What Independence Day Means

Freedom Rings on Independence Day

The Fourth of July is one of the most beloved holidays in the United States, as it celebrates America’s hard won independence from Britain after the signing and adoption of the Declaration of Independence in 1776, followed by years of war known as the American Revolution. This day, of all American holidays and traditions, is made special by its unique precedent.

The first celebration of the adoption of the Declaration of Independence was held on July 8th, 1776 by the citizens of Philadelphia, after the document was read to the public assembled in the State House Yard, more commonly known today as Independence Square. Bells rang and people cheered, and despite the threat of war with the most powerful nation in the world, Great Britain, the American people first displayed their determination and spirit to govern themselves and preserve basic rights to which the founding fathers felt all humans deserve.

On July 2, 1777, just prior to the first anniversary of the signing of the Declaration of Independence, citizens of Philadelphia felt a celebration was in order. Arrangements were quickly made and Congress adjourned for the day. Bells rang once again, warships were decorated with flags and bunting and fireworks were set off that night. The following year, the required number of nine states, enough to ratify the document, adopted the Declaration. Though New York had abstained from voting, and Pennsylvania and South Carolina voted ‘No’, and Delaware was divided, but majority ruled. The right to vote in national elections continues to this day, a freedom that many countries in the world still don’t enjoy.

That year of 1778, Philadelphia celebrated in grand style. Streets were cleaned and readied for a parade over a route that extended almost two miles. The parade was led by twelve axmen ‘dressed in white frock, with black girdles around their waists and wearing ornamental caps’. They were followed by the First City Troop of Light Dragoons and then by five other groups with names that symbolized Independence. Chief Justice McKean and two judges, whose robes draped a carriage decorated to look like an eagle carried the Constitution, attached to a staff that was crowned with ‘Liberty’ and the words, ‘The People’ imprinted in gold letters on the staff just below the document. Thus began the tradition of Fourth of July parades that exist to this day in nearly every town and city within the United States.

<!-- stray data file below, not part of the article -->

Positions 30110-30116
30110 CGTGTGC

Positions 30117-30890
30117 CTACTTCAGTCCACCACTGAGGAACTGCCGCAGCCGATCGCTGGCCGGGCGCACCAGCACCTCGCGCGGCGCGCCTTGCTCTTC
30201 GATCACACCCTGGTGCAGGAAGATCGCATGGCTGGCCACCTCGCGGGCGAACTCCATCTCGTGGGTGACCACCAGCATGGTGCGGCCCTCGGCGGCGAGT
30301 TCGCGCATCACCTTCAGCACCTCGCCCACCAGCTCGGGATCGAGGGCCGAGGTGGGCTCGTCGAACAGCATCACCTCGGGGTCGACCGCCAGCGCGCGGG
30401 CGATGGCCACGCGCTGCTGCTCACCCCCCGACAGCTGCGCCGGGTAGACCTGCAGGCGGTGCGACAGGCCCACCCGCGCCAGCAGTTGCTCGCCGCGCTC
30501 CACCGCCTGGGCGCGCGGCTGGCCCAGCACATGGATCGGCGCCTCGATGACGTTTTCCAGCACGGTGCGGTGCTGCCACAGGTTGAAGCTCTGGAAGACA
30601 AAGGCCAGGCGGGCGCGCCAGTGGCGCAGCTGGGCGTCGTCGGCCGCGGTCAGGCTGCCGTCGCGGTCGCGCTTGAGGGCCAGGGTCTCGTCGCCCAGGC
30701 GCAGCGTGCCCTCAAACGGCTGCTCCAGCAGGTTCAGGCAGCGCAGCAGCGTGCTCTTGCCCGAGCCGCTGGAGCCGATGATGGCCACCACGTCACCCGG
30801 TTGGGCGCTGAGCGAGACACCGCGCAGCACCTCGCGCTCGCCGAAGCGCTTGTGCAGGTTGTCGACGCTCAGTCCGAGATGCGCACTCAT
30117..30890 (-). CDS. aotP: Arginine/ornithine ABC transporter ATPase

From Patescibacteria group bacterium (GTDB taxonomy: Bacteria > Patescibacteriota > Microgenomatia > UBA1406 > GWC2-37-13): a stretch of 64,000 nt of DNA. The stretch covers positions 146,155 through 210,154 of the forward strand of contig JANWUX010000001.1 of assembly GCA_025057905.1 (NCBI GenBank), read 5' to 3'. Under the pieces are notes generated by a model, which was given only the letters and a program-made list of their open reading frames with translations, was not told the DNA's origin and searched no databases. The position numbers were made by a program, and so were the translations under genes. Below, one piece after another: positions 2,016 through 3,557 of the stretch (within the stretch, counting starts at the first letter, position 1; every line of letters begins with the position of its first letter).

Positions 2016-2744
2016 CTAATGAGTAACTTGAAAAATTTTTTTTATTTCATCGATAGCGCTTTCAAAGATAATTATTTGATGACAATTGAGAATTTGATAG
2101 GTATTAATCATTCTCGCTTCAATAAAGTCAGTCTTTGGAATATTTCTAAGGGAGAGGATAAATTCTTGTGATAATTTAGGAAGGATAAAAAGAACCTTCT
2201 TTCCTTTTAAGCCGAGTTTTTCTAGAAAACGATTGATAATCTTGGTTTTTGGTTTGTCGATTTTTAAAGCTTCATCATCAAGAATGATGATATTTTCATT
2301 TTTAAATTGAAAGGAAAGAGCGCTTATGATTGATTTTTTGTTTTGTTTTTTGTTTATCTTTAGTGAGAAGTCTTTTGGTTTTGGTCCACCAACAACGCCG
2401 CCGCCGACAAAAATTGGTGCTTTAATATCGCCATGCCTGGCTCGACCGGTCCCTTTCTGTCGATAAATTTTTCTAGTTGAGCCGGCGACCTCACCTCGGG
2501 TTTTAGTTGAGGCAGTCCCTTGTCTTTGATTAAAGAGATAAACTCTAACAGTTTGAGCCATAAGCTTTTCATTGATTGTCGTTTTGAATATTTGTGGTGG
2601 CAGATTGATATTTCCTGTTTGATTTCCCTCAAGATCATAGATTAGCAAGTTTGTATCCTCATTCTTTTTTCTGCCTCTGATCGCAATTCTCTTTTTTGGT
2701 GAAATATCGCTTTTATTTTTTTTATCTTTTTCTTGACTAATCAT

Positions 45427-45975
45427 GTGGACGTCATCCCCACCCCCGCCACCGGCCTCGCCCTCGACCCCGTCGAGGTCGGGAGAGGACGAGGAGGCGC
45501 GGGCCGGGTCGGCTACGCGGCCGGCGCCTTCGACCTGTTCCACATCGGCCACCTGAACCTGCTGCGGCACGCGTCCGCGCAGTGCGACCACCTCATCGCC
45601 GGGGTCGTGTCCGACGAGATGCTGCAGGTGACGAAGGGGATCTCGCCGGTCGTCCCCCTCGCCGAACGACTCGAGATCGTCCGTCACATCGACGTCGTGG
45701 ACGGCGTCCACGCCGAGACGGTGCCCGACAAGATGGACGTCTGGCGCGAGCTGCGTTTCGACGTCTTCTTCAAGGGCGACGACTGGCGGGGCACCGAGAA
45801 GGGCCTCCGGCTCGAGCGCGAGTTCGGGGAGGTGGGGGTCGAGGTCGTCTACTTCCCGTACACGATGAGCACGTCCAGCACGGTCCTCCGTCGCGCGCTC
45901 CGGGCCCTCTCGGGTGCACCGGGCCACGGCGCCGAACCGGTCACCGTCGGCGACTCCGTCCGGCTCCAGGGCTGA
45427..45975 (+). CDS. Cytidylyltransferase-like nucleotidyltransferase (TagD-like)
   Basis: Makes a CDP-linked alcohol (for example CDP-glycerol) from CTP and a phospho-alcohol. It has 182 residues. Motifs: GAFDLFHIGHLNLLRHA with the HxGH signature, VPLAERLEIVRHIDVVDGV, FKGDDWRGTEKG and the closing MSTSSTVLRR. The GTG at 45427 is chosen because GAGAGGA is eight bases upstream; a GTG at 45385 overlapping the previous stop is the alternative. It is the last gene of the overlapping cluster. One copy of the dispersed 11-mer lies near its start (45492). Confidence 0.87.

By 1810, communities in America, and especially within the first thirteen states, held larger and more elaborate celebrations than ever before. Church bells rang at sunrise, noon and sunset, and ships within harbors were decorated with red, white and blue bunting. Flags hung everywhere and military parades became the norm. Fireworks became a traditional fixture in Independence Day celebrations, as did military ceremonies and demonstrations. In many western states, rodeos and other events were held on the fourth of July as well, in addition to fairs and huge community dinners.

The Fourth of July is considered a day that is memorialized in the hearts and minds of Americans throughout generations as a day that celebrates freedom and democracy. Fireworks, picnics and family gatherings bring Americans of all races and beliefs together on this day, to celebrate freedoms unique to America. It’s a day to remember that such freedoms don’t come easy and that Americans must always remember the risks and sacrifices made by our forefathers to ensure us those freedoms. Independence Day is a day when Americans celebrate their inimitable spirit and fortitude, that special determination and strength of character that makes each citizen of the United States an American by nature.

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